I’m pregnant. I’m surprised. I wonder
if family is the foundation of this nation,
what’s so bad about socialism? Dad?
The Lord is more than fertilizer to me.
Their divorce made me a whore, I’m told;
it was all my fault, because when it was said,
“He’s beating a dead horse,” I—
I put my arms around its neck and wept.
A house is not a home, unless you hang your hat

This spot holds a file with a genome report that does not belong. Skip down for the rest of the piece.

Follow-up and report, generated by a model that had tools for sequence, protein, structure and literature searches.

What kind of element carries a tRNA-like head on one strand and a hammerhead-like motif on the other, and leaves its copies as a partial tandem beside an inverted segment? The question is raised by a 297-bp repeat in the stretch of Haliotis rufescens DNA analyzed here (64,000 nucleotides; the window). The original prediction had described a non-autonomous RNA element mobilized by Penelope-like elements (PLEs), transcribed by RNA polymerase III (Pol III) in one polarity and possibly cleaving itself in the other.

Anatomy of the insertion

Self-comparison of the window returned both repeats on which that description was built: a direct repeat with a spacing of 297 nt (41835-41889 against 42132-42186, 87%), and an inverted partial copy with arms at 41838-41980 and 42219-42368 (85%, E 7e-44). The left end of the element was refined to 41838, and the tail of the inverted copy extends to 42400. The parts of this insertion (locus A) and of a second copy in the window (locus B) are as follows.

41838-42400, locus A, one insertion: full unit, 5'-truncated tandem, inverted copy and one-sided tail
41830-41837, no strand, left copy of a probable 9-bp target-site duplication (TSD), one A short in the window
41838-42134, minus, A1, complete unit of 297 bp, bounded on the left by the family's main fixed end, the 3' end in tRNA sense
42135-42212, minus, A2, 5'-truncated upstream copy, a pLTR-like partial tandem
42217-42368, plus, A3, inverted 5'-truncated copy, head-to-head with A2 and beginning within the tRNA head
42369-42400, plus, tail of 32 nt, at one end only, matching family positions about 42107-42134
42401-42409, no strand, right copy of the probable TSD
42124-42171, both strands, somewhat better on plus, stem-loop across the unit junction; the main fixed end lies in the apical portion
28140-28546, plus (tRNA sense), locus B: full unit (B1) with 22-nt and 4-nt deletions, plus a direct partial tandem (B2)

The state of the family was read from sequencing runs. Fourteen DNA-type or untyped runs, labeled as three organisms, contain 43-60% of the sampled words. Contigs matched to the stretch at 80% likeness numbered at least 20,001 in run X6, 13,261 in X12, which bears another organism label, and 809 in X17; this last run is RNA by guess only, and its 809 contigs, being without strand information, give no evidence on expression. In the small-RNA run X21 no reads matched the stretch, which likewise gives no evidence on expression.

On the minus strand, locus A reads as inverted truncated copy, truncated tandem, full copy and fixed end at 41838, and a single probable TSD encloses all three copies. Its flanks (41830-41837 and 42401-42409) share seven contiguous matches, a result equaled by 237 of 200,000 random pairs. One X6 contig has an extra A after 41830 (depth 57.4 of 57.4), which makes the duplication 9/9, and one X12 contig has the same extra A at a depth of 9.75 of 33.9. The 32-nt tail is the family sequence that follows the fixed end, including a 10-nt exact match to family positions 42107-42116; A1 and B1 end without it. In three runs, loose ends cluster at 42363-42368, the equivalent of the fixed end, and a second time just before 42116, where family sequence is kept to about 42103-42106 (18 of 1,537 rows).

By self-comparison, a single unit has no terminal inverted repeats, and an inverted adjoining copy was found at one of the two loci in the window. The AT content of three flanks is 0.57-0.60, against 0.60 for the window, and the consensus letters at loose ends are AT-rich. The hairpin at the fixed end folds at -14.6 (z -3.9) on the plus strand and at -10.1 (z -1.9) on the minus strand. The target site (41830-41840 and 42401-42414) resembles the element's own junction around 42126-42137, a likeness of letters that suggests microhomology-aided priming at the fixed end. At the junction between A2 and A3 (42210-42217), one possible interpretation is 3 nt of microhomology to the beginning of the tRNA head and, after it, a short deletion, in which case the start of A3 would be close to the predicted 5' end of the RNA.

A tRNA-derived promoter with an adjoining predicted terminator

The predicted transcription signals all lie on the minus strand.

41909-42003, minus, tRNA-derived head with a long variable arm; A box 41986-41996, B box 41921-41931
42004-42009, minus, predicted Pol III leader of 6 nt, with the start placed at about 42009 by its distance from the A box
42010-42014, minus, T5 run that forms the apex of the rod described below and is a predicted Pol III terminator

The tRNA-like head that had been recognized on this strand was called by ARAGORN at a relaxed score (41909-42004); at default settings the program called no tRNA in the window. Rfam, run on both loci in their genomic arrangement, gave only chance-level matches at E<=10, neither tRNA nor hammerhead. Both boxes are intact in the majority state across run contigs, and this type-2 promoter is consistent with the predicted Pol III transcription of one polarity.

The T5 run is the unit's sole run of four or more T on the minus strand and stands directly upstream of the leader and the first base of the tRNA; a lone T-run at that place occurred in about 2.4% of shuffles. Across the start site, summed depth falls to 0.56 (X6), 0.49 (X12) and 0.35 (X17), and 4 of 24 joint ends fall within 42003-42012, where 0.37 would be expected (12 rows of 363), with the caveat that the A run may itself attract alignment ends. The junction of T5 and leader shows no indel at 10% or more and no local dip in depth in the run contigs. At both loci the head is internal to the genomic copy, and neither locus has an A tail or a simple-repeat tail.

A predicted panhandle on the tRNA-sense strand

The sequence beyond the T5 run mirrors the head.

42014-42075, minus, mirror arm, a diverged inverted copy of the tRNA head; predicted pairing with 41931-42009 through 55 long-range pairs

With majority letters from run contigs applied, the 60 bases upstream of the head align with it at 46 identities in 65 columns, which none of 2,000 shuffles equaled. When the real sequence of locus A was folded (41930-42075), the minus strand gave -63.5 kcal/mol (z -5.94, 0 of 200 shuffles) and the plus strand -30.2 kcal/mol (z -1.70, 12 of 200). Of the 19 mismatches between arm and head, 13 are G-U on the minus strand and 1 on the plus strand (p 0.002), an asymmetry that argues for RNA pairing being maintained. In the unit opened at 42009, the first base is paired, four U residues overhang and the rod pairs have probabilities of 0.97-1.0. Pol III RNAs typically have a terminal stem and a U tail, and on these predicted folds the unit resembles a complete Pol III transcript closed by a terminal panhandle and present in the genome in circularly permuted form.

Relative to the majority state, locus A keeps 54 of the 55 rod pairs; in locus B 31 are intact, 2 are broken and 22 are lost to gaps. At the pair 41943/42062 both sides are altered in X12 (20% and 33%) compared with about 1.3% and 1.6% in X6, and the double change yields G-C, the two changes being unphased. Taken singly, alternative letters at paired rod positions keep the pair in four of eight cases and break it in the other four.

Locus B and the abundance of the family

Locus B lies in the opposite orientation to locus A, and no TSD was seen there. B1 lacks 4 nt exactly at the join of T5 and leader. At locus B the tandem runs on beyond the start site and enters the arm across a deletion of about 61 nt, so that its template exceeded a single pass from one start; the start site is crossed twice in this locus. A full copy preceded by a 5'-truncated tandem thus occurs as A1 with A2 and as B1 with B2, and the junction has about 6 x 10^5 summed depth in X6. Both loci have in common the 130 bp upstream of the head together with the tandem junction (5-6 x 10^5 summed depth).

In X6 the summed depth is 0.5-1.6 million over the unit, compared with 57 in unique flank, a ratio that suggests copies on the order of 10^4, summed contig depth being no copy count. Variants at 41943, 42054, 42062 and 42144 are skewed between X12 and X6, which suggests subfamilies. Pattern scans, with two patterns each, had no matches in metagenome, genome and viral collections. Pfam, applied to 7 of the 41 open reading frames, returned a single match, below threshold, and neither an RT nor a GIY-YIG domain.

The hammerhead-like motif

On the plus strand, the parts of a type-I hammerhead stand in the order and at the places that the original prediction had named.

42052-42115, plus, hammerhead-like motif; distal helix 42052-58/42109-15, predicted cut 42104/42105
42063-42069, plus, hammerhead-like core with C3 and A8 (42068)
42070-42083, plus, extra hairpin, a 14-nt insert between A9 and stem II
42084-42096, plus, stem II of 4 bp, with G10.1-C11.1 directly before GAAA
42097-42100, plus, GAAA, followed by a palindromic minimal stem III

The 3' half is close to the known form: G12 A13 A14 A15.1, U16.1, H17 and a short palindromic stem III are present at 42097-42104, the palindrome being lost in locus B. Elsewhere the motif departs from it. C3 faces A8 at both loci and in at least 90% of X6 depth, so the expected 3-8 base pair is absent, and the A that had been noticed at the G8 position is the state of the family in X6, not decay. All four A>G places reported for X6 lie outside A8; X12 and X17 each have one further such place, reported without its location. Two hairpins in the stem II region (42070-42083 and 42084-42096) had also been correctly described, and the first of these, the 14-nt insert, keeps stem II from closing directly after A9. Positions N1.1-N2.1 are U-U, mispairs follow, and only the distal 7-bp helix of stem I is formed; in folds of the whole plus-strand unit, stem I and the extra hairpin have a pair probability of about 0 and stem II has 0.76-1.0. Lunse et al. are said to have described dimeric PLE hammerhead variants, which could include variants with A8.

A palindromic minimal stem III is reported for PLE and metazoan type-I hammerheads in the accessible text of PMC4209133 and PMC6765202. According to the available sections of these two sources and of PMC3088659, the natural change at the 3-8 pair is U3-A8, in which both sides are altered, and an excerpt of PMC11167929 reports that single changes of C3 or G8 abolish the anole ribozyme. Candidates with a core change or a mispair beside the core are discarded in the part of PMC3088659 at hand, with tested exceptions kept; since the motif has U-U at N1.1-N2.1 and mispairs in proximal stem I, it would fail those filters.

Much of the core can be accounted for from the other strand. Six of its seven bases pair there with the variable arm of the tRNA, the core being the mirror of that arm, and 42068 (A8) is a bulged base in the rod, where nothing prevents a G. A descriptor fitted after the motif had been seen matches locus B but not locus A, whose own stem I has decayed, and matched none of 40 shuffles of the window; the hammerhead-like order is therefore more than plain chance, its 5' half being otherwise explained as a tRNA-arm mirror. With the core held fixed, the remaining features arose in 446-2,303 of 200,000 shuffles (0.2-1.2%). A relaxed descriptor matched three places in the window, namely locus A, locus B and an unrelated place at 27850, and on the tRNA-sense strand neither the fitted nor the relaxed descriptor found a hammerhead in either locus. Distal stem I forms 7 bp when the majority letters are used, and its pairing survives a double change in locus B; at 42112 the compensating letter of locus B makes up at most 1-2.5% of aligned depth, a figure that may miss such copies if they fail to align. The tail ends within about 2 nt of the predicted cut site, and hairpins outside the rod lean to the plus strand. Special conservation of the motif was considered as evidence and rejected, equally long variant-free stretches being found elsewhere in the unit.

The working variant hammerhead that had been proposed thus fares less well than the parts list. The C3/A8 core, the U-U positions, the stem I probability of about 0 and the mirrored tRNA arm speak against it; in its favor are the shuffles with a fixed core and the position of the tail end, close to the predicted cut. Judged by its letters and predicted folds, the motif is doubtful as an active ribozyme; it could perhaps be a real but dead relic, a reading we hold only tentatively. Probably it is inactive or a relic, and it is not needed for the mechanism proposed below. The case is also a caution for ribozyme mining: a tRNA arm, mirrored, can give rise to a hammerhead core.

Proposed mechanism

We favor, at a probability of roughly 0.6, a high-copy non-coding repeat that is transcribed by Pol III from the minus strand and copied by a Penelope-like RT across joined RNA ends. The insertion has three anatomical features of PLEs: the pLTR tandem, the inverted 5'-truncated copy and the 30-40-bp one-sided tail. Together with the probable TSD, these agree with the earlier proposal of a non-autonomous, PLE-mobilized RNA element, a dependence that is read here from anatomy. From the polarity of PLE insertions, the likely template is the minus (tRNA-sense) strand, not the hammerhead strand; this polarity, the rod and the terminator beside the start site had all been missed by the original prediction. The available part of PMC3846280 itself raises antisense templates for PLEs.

on the rack; a mother, a father, and I
is not a democracy. Sure, there was yelling under
that old patriarchy, but at least I learned to fish.
“Let go of the damn horse,” they said, but I—
I wouldn’t and when I wouldn’t they said, “Fine,”
and I got left behind, holding a pony no longer able
to flick away the gathering flies with his tail.
Then and there I watched them go, parting
like the seas. My path would be the one between them,
or my tears could flood the basin of this earth,
with all the animals one-by-one, pregnant and surprised.